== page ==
top of page

Interview with Karen Hurley-Heyman, a Recipient of a 2019 Fellowship Grant from the Delaware Divisio

Each year Delaware Division of the Arts (DDoA) awards Individual Artist Fellowship grants to deserving applicants in the categories of Emerging ($3000), Established ($6000), and one Masters ($10,000). The recipients come from all genres – literature, music, visual arts, and music.

There were 136 applicants for the 2019 Individual Artist Fellowships. Twenty were selected. Karen Hurley-Heyman is one of the twenty, in the category of Emerging in Literature: Poetry.

Karen grew up in the Pacific Northwest and earned her M.A. and Ph.D in Dramatic Art from UC Berkeley. She moved to Delaware in 1983 and joined the theater faculty at University of Delaware. She is currently studying with Gerry LaFemina and recently participated in the 2018 Writers’ Retreat sponsored by DDoA. The Broadkill Review is pleased to share the following interview.

The Broadkill Review (BKR): Congratulations on your selection for a Fellowship grant. How did you feel when you received notification?

Karen Hurley-Heyman(KHH): Well the message came by email rather than the usual letter and I didn't expect what I read which was: Congratulations. I couldn't believe it. Actually I was shocked and had to read the message a couple of times to be sure I wasn’t imagining things. I felt a flood of happiness and excitement mingled with disbelief.

Recipients were of course requested to keep the news confidential until DDoA made a formal announcement, so I told only my husband and waited with excitement for the public announcement so that I could share the news with family and friends, many of whom have encouraged me along the way.

BKR: Was this your first time to apply for a Fellowship?

KHH: I've applied for an emerging-poet fellowship for more years than I want to admit. Around December I began to expect the usual letter in the mail telling me to keep up the good work. I feel that hard work, daily work and then persistence in seeking support are essential. Next on my list is putting strong effort into getting published (and thank you for being one of the first to do that for me, I appreciate it.) *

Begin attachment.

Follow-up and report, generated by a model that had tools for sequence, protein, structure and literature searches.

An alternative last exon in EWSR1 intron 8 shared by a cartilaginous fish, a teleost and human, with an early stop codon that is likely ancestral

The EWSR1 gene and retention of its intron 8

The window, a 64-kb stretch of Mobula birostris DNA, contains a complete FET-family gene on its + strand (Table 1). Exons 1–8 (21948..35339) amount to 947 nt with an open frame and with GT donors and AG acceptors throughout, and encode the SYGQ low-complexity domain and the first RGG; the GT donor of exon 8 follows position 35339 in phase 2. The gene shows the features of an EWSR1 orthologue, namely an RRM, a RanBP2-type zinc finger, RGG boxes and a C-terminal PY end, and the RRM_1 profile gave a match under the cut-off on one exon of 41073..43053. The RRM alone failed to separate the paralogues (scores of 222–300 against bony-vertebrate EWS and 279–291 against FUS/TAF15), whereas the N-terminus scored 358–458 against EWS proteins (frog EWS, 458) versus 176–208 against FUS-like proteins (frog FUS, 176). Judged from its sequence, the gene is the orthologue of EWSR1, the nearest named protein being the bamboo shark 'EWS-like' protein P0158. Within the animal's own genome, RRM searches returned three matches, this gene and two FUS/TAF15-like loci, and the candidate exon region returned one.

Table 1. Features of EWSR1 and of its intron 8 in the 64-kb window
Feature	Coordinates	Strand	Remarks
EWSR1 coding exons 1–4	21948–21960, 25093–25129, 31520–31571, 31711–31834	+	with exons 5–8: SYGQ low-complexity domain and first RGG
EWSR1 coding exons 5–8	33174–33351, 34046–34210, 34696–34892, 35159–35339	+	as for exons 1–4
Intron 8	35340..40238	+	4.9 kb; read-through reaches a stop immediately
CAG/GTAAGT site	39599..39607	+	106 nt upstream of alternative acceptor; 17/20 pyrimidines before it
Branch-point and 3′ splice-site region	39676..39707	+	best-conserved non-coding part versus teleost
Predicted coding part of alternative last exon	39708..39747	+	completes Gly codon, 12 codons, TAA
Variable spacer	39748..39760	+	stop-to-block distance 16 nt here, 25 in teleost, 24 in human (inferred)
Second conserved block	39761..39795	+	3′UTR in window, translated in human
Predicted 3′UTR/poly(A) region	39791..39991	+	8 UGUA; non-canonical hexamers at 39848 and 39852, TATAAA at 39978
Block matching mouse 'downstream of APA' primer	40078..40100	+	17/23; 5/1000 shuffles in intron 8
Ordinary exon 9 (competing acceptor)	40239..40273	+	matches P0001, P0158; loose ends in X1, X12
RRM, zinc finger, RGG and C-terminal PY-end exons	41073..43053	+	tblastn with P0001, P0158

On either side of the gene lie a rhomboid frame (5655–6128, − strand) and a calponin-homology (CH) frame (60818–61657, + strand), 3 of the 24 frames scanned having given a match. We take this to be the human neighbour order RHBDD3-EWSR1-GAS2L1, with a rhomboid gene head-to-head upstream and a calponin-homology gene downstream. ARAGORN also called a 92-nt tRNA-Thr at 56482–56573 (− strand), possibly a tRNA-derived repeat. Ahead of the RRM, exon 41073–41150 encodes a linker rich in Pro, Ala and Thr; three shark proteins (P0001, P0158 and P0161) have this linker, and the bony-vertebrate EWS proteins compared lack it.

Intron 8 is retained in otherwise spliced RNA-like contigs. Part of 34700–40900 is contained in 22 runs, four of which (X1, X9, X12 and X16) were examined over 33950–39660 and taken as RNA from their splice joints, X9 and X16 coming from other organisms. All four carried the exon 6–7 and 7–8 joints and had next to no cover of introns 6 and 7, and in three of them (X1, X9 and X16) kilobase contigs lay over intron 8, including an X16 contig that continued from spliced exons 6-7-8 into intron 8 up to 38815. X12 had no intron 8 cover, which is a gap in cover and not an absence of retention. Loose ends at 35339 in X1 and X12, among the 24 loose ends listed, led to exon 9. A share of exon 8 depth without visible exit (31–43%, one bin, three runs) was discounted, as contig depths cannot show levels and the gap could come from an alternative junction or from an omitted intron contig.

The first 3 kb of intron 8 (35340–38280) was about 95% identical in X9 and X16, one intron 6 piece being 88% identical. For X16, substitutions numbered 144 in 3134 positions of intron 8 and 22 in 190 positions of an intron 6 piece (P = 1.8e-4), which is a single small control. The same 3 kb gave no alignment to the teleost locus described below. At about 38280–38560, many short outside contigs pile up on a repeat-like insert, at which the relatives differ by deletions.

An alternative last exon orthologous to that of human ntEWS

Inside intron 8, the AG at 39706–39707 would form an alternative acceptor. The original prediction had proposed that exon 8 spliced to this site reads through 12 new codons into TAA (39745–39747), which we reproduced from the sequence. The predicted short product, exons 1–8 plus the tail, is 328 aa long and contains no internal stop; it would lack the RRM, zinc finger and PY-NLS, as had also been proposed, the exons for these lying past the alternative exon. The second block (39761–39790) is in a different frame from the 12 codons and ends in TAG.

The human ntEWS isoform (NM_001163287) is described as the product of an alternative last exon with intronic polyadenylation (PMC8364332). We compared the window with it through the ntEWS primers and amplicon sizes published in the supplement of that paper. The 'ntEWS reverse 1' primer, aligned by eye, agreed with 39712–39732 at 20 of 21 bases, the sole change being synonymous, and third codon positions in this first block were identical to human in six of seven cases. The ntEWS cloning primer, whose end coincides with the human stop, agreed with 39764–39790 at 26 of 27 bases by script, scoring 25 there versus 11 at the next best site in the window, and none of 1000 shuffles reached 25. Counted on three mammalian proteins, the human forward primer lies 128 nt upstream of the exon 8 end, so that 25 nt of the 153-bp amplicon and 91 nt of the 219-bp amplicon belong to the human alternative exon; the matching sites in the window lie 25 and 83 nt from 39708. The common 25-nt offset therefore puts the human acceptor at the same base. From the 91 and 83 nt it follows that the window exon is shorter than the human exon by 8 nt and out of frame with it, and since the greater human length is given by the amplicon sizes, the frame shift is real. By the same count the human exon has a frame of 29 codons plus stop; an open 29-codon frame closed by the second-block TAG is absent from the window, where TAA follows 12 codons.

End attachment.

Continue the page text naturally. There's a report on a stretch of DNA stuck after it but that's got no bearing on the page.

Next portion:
BKR: Is there a sense of validation for you?

KHH: Yes, there is indeed a sense of validation. I've studied on line and at home, attended as many workshops as I could, read all kinds of poetry and worked every day at my craft. It's a very good feeling to know that someone recognized how serious I've been about developing as a writer and that my work resonated with them and seemed meritorious. It also means that all my effort was not wasted and that my childhood dream of becoming a poet was becoming a reality because of my own commitment. It was a pretty good feeling to put my hands on my hips, take a look at my world and say, well, I'll be darned, I really am a poet and know that this was true because of the way I am now living my life and using my time.

BKR: How do you think this grant will forward your writing? Do you have specific plans?

KHH: I think the grant will forward my writing by providing me with a web site to keep in touch with a community of artists in all disciplines and help connect me with other writers and publishers. The DDoA is a strong, visible and trusted ally for local artists and I am grateful for the various kinds of support and opportunities they provide, not the least of which is support for presentation opportunities.

More specifically, I will have resources to continue studies and to publish a first book. My specific plan is to rough draft several collections of poems and then seek advice on how to craft a first book and perhaps include a prose poem or two along with personal photos or sketches. At this stage however I think it's best to keep it simple and not be overly to build a strong foundation of work and identify a few themes I'd like to concentrate on this coming year.

BKR: What advice would you to people applying for a fellowship?

KHH: My best advice to others who want to apply for a fellowship is: DO WHAT YOU WANT TO BE. Have faith in your own work, work every day on developing your craft, stay in touch with your local community of artists, and be persistent about seeking support. BKR: Again, congratulations on being awarded an Individual Artist Fellowship. The Broadkill Review appreciates you taking the time to share your thoughts with us.

* The Broadkill Review is pleased to showcase one of Karen’s poems from the past issue.

Recent Posts

See All

Three lyric essays by Liam Strong

we will always be /bIe/ after Tracy Jeanne Rosenthal always look at “b” for baby or bye-bye or boy. (the voiced bilabial stop of /b/ is a consonant sound inverted like an erection.) words that describ

"Anaphylaxis" by Joanna Acevedo

Anaphylaxis Limbic resonance—I often know when he’s not feeling well, even before he tells me—I know when something’s wrong, the way a dog can smell fear. Late summer, early fall, I sleep with the win

"The New Gary" by Jason M. Thornberry

When I was five, I found myself in the backseat of my stepfather's VW Bug as we hurried to the hospital. My stepfather was in the front passenger seat, his frantic heartbeat pumping thick gouts of blo

bottom of page